Assessing Pupil Progress

Briefing Pack

By Richard McFahn, published 3rd January 2010

What is Assessing Pupil Progress

According to the QCDA Assessing Pupil Progress is,

‘...the new structured approach to teacher assessment, developed by QCDA in partnership with the National Strategies, which equips teachers to make judgments on pupils' progress. It helps teachers to fine-tune their understanding of learners' needs and to tailor their planning and teaching accordingly'

How new is new?

Well, to be honest, this is what good history departments have been doing when it comes to assessment for years - making judgments on pupil progress, using assessment to inform their planning and teaching. 

So why was APP introduced?

One view is that APP was introduced in the Core Subjects after the Government finally saw sense and abolished the KS3 SATs.  Ever since the introduction of the National Curriculum, English, Maths and Science teachers knew that their students would be tested nationally in the May of year 9. This sometimes meant that departments ‘taught to the test'. When the SATS were abolished a new system of assessment had to be introduced. After all schools seem obsessed with collecting data to prove that students are constantly making progress in a linear fashion through the levels. Even though, in reality it is quite probable that a student will be a level 6 thinker in causation and maybe have a level 4 understanding of interpretations.  With teachers now making the level judgments at the end of the Key Stage in the Core, the QCDA decided that they needed some help and support in doing so - APP was therefore introduced.

Another position is that APP was introduced to allow a broader view of the pupil's work to inform teacher assessment and school tracking data. It allows teachers to reflect upon pupil progress thus far and plan accordingly to ensure further pupil progress.

It is a shame that at the moment,  QCDA and DCSF messages appear a little mixed about when APP will appear in the foundation subjects. Teachers are waiting to see the materials and perhaps then will have more of an idea concerning the rationale behind these changes.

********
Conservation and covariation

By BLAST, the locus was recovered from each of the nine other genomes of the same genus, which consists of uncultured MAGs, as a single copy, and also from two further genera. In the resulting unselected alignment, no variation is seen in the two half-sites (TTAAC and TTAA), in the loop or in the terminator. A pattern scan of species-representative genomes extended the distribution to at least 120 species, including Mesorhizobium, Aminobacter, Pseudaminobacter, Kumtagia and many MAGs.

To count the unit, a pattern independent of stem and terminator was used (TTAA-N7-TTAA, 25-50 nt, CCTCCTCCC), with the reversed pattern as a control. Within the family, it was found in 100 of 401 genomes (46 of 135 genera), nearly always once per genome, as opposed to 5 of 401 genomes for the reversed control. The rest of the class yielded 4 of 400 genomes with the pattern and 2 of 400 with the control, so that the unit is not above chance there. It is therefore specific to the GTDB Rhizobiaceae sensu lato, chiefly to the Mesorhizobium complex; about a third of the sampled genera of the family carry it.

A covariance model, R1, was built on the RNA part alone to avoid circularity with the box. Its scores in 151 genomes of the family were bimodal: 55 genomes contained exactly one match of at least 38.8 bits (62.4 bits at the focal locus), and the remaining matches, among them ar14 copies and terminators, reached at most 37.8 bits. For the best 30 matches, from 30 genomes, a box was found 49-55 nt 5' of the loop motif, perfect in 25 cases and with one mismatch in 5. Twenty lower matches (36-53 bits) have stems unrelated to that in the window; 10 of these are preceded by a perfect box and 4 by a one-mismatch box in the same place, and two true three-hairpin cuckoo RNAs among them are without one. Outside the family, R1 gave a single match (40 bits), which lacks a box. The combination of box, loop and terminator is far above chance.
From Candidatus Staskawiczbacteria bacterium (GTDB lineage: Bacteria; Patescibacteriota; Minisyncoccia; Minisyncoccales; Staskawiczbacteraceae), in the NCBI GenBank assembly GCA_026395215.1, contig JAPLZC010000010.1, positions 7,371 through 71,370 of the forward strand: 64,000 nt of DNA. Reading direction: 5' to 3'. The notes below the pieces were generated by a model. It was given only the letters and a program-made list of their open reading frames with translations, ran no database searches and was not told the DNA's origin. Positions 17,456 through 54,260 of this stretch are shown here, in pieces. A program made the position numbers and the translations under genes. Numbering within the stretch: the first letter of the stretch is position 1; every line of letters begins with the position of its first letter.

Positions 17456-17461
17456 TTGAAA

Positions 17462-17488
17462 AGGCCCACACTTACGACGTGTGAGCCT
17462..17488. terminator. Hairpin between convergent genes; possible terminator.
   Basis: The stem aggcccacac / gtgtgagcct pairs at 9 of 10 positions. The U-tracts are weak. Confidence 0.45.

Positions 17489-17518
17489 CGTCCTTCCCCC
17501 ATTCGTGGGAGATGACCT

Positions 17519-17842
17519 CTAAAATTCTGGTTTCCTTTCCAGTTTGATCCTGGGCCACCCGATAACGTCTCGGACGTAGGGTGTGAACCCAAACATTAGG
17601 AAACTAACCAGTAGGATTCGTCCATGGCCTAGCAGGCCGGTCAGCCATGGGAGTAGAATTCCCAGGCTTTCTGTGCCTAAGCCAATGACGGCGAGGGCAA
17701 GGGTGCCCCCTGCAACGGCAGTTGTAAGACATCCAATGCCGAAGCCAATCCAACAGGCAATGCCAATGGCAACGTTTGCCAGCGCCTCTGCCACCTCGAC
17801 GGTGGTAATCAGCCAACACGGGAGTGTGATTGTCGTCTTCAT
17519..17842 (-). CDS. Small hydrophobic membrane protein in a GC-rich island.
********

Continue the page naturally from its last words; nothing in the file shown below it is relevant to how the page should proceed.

How Does APP work?

The QCDA states that, ‘The APP approach is straightforward. In line with their school assessment policy and practice, teachers periodically review evidence of their pupils' work using the assessment guidelines and build a profile of their achievements.'  They also state that, ‘APP is most effective when it draws on a broad range of evidence that shows what learners can do independently.'  This all sounds like sensible advice.  There are 3 stages to the process:

 

1. Generating the Evidence - teachers teach their students normally on a day to day level. These interactions allow teachers to see what their students can understand and do. This creates a variety of evidence including shorter pieces of writing, oral answers, concepts maps, presentations, annotated diagrams.

 

2. Reviewing the Evidence - When there is enough evidence for teachers to make an informed judgment of what learners can do -  In the foundation subjects there will probably only be enough evidence to make an informed judgement once or twice a year - teachers can look at a cross section of students  work to help work out exactly where the student is at. They can use the assessment guidelines which relate to the National Curriculum levels to help them make a judgment.    

The three assessment focuses are:

a. Thinking Historically - this covers cause and consequence, change and diversity.

b. Exploring Interpretations - this covers Historical Interpretations and Historical Significance.

c. Historical Enquiry - covers the process of enquiry and communication

 

3. Making a judgment - Once a judgment has been made for one or all of the assessment focuses teachers can decide on an overall best-fit level for individual students. This will inevitably be informed by a teachers' professional judgment of each individual student and will be open to interpretation. It is highly recommended that departments moderate samples of work to inform their decisions.   

The key messages are:  

  • Individual pieces of work should NOT be leveled. Leveling should only take place by looking at a cross section of work from a student say once a term.
  • Teachers need to think about how students progress in history - not just by looking at the national curriculum level descriptors, but by thinking more deeply about what deep understanding looks like in each of the main concepts.
  • Although there are 3 Assessment focuses, it is probable that teachers will spend say 60% - 70% of their time teaching about cause, consequence, change and diversity and 30% of their time teaching about interpretations and significance. Enquiry should drive everything.

A Word of Caution:

  • It should be noted that it may appear from core subjects, who have been using this process for the last 18 months, that levels are dropping and therefore pupils are making less progress. In fact, this is usually not the case and observations will show that in fact, pupils are making better progress. However, it can make for some difficult conversations with parents, school improvement partners and Ofsted, until they fully understand the process. This is something that should be taken into account in planning your move towards APP.

For more information on APP, please consult the article by Joanne Philpott and Jerome Freeman in the latest issue of Teaching History. December 2009, issue 137.

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